Why Risk Transfer?

Presented by Christopher F. Hawthorne, CPCU, CIC

Insurance premiums fluctuate annually due to sales and payroll activity of a contractor and also due to loss history.  The insurance policy provides money to rebuild damaged property, to defend in a liability suit, to pay settlements as well as take care of employees when they are injured on the job.  These combined costs are labeled as losses.

An insurance loss has the potential of driving insurance premiums up for four or five years as well as limiting which carriers will wish to work with a contractor. When an insurance carrier is determining what it will offer in term of premiums, it will incorporate the prior four years of losses as part of the pricing mechanism.  The fewer and smaller the losses, the more carriers will be interested and the carriers can justify offering lower premiums.

An available risk management technique to lower the size of a contractors losses arising from working with a sub-contractor is Risk Transfer.  Risk Transfer can protect one party’s insurance program and future premiums by transferring the cost of a loss to another party. Conversely, it can increase the future costs of the other party’s insurance program.

The major types of protection in risk transfer agreements are as follows:

Hold Harmless-Party A holds Party B harmless for a loss when Party A has caused part or all of a loss.

Indemnify– Party A agrees to reimburse Party B for damages (settlements and judgments).

Defend– Party A agrees to pay the cost to defend Party B after a loss if Party B is named in a claim or suit.

Additional Insured Status– Party A provides coverage for Party B under Party A’s insurance program for Operations and Completed Operations.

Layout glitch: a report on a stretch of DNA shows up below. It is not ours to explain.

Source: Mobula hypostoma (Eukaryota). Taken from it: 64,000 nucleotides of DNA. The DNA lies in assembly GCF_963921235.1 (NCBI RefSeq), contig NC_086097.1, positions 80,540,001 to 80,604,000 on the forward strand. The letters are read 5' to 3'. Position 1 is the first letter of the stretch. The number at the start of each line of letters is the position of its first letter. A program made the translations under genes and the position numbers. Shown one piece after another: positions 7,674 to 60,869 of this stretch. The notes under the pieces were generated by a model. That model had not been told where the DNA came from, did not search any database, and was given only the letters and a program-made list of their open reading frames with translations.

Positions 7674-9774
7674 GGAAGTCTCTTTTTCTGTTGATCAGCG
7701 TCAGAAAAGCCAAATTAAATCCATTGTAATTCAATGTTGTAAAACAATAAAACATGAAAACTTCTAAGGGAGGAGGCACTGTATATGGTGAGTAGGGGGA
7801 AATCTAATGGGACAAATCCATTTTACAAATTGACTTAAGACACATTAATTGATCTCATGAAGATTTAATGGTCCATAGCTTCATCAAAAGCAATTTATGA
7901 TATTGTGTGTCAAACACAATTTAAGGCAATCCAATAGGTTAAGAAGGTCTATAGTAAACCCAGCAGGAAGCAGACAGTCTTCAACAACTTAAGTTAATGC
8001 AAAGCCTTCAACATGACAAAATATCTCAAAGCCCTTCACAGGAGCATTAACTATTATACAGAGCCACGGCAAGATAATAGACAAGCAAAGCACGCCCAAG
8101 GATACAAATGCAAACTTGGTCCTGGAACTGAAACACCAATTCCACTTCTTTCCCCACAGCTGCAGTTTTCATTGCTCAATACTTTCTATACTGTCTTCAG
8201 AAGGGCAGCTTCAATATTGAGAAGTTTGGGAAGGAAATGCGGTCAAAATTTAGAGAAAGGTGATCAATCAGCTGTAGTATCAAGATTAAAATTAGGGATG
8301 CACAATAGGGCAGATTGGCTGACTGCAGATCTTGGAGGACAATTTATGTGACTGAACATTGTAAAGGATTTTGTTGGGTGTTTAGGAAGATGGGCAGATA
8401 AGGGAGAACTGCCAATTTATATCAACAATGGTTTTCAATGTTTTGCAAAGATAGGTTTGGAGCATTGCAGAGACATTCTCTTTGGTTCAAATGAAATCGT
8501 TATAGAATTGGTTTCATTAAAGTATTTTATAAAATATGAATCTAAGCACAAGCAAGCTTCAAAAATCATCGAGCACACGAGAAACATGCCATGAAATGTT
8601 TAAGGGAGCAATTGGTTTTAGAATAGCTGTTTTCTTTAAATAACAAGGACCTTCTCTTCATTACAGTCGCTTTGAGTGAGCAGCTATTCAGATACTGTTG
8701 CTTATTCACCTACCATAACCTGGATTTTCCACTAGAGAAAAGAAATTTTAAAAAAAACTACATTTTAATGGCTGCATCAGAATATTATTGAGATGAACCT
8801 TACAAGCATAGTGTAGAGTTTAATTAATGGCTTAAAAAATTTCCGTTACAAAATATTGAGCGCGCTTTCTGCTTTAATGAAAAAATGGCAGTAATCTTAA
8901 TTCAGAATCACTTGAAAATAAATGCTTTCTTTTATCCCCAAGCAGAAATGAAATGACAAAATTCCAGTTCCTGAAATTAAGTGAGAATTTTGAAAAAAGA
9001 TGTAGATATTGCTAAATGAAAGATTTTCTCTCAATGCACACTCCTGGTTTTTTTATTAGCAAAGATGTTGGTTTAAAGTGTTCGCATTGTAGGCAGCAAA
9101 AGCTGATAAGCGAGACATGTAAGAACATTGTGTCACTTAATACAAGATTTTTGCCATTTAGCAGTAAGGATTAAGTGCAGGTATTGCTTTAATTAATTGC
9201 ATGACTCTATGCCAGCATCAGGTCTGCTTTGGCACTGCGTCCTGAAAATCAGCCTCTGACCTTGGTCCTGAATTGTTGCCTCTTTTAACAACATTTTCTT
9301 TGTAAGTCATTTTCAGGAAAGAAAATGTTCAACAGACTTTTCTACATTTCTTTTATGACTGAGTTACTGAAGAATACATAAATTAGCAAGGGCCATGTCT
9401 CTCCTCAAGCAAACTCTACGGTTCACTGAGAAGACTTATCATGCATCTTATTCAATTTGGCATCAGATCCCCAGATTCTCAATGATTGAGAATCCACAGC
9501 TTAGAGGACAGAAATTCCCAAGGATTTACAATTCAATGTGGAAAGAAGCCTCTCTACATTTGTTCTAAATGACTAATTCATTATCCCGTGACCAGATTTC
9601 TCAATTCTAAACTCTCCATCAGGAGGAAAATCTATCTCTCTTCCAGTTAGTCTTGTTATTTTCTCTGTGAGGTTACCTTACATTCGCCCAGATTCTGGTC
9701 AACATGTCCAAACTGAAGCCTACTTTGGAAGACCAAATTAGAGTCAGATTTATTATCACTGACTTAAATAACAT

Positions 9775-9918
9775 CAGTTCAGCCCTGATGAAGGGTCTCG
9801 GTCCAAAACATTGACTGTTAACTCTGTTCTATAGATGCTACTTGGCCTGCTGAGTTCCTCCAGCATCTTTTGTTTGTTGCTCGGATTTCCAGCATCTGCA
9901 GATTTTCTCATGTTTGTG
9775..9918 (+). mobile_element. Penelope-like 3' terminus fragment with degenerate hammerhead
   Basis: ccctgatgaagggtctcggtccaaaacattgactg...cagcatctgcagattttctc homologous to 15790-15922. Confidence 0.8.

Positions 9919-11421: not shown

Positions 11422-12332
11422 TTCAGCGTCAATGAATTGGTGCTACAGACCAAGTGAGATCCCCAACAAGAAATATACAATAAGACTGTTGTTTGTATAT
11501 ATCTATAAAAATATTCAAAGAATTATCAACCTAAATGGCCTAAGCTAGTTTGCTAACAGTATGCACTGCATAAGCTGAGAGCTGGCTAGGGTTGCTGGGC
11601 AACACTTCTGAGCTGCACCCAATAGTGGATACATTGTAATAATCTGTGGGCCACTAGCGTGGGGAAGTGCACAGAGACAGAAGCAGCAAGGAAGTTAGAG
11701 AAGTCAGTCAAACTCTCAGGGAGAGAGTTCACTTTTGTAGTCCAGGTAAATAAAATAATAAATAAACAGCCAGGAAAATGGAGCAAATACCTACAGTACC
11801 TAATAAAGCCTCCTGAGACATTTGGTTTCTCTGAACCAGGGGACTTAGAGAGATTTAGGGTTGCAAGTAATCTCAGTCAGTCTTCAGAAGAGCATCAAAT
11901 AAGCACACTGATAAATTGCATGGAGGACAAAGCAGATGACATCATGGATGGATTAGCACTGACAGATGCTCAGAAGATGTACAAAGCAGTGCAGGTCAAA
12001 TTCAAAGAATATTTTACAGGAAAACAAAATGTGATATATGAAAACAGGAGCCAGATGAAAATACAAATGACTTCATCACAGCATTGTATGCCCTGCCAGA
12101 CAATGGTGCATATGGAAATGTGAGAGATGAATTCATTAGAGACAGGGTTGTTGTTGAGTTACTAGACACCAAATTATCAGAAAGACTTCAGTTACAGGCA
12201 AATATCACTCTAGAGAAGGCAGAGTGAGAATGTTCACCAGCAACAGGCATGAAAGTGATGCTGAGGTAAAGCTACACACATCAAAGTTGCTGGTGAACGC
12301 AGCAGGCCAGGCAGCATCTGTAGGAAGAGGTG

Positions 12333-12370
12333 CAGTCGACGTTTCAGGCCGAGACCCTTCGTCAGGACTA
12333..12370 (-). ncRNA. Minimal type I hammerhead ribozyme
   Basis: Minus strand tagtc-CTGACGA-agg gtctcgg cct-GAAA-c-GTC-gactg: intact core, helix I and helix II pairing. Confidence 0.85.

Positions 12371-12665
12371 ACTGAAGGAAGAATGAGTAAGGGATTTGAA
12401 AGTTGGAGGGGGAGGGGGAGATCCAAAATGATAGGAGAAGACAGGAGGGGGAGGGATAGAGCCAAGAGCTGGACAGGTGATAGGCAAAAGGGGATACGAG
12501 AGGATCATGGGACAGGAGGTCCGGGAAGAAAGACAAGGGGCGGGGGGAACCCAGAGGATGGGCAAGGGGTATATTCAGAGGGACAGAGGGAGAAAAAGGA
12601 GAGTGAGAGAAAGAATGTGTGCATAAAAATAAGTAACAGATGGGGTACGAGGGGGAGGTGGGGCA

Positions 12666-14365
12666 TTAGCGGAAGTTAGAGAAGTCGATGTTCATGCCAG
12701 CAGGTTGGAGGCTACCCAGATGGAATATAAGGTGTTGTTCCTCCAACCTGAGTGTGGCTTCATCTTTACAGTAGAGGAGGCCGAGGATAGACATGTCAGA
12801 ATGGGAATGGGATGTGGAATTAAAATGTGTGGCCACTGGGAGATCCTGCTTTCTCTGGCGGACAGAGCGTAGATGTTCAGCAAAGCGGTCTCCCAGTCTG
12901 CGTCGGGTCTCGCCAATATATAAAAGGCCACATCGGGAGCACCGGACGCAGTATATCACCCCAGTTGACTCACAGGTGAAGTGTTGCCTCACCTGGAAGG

Primary Coverage-Party A states that it’s coverage is primary should Party B be brought into the suit.

Non-Contributory– Coverage-Party A states it’s policy disallows Party B’s policies from sharing in the loss.

Waiver of Subrogation-Party A disallows its insurance company from pursuing Party B’s insurance carrier for any amount due to Party B’s negligence that may have contributed to the loss.

In short Party A is highly protected by Party B.

When is it appropriate for one to agree to these terms? While this question is to be answered on a case by case basis, in general if accepting work from a General Contractor (GC), it is the norm that the GC will expect the terms to be agreed to, to some degree. The economic value of the relationship should be considered before agreeing to adding this exposure to one’s liability.

When is it appropriate to ask for these terms? Whenever possible, as it greatly enhances the protection for an operation.

Not all agreements are the same and not all insurance policies can back them up. It is critical both parties involve their attorneys as well as their agents before signing. As always, a team approach and communication will put everyone is a better position to succeed and survive a loss.

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